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UCLA Magazine Fall 2003
ˇViva Cinema!
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Fall 2003
¡Viva Cinema!
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"I TELL LATINO FILMMAKERS AT UCLA THAT THEY ARE PART OF A SPECIAL PLACE THAT VALUES THEIR HERITAGE. I TELL THEM TO FOLLOW THEIR DREAMS AND MAKE FILMS ABOUT THEIR CULTURE, EVEN IF HOLLYWOOD IS NOT ALWAYS RECEPTIVE. CHANGE COMES SLOWLY IN THIS INDUSTRY. BUT WITHOUT FILM PROGRAMS LIKE UCLA THAT CELEBRATE DIVERSITY, IT MAY NOT COME AT ALL."

DAVID VALDES

It was like that for Patricia Cardoso at Sundance when the audience shed tears for her film, set in East Los Angeles but echoing the relationship with her Colombian mother. And it was like that for Alex Nogales, who experienced racism and segregation as an 8th grader in his Imperial Valley border town.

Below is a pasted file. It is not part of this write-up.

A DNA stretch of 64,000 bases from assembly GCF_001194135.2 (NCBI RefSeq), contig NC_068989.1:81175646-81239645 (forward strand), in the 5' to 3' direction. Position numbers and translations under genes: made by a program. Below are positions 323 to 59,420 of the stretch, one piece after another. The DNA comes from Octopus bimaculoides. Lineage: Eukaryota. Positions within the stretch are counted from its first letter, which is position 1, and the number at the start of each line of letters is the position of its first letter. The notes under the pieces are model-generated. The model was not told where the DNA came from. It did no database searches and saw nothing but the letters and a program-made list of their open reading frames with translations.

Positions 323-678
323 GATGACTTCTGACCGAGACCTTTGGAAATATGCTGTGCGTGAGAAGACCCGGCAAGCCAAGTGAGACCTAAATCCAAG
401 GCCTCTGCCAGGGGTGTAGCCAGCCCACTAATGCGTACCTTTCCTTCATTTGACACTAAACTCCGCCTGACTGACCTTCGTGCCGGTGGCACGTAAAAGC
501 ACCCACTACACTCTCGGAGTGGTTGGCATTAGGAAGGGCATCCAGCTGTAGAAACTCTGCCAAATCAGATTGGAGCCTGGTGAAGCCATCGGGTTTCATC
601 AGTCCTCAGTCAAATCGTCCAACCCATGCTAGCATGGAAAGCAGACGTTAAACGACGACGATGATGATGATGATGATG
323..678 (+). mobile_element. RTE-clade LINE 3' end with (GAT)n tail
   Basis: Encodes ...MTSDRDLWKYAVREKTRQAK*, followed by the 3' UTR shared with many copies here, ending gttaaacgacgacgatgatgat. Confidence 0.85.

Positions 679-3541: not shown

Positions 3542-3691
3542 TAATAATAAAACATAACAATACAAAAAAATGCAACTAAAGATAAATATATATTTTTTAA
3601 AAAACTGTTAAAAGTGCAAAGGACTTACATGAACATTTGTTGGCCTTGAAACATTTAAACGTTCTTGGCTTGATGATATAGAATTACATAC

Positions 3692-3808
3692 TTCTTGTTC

"When people ask why I chose UCLA," Nogales concludes, "I tell them the story my father told us about how he would follow the work around the state — cotton in the Imperial Valley, grapes in Delano, plums in Gilroy and Hollister, the Central Valley for tomatoes. One day he was picking oranges in a grove in what is now Westwood. He looked up and saw this gorgeous university called UCLA. He promised himself one of his sons would study there."

Nogales laughs. "Of course, he told the same story to my brother, who went to Stanford. But like a great movie, it was beautifully told and from the heart, so who could resist it?"

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